Friday Think Piece: Oedipus and Anti-Oedipus

Jason Kuznicki

Jason Kuznicki is a research fellow at the Cato Institute and contributor of Cato Unbound. He's on twitter as JasonKuznicki. His interests include political theory and history.

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7 Responses

  1. gregiank says:

    Interesting stuff Jason. I read a lot of Freud in grad school. There is so much that can be read into it and so much context that is needed to understand him. He originally believed that the reports of child abuse/ sexual contact between kids and parents was true but then went back on that after peer pressure. His belief about repressed sexuality are more a result of trying to find an alternate explanation for the truth he seems to have found. You are correct about the affect he has had on modern thought, we have never thought about sexuality the same since him. However few people consider him to have much truth now. Freud is, very correctly, criticized for not even being remotely scientific. The people who hold onto his beliefs generally don’t want to see or use psychology as a science. they want a template and authority to validate what they want to believe.Report

    • Rufus in reply to gregiank says:

      @gregiank, Sure this is true about Freud, but having a wife who works as a therapist, I’ve heard that a lot of what gets called ‘scientific’ psychiatry today is akin to target shooting in pitch darkness. I think he’s still interesting as philosophy.Report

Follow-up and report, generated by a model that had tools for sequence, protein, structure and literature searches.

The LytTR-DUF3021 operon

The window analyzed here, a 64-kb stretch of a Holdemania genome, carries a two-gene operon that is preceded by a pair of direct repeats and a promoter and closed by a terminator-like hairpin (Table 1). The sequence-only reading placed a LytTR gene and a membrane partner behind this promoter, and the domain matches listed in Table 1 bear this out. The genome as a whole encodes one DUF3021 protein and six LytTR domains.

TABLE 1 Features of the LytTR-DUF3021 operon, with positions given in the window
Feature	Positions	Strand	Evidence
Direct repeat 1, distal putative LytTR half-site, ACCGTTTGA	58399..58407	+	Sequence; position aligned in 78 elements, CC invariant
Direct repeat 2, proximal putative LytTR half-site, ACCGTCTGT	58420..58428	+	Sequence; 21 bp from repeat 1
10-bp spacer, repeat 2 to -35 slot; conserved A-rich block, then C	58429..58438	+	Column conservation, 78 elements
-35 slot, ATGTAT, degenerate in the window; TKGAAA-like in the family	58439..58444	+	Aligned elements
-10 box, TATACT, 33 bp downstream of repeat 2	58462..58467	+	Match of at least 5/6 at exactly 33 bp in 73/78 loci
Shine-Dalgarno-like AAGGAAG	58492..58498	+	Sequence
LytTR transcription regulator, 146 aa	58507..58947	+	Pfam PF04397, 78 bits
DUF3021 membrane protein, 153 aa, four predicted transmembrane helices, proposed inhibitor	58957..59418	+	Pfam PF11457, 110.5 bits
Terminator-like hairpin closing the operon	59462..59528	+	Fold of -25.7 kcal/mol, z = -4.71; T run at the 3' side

• greginak in reply to Rufus says:

        @Rufus, i’ve been in various positions in mental health or social services for 20+ years. Psychiatry has way to much guess work involved in finding the right meds. However there is a lot of psychology that is pretty darn scientific in terms of trying to explain human behavior. And in various different ways has made a lot of progress in explaining human behavior. Frued just doens’t cut it as a scientific explanation for anything.

        maybe its just me and my scientific bent, but when something has been found to have no factual basis, or at the least is only applicable to the culture in which it was born, then i don’t see how it can work as philosophy.

        Actually its also good to remember that as much a “shot in the dark” modern psychiatry is, there are many, many people who have been well and truly saved by modern medications.Report

        • Rufus in reply to greginak says:

          @greginak, I think this is just an example of our results having varied. I’ve read his corpus and found plenty of useful insights into human experience and behavior in Freud. Would I call them scientific? Nope. But, so what? I can say the same about Proust- plenty of useful insights into human experiences and emotions, and not a lot of science. In fact, most of what I’ve found to be useful insights into the human experience are not what I’d call scientific facts at all.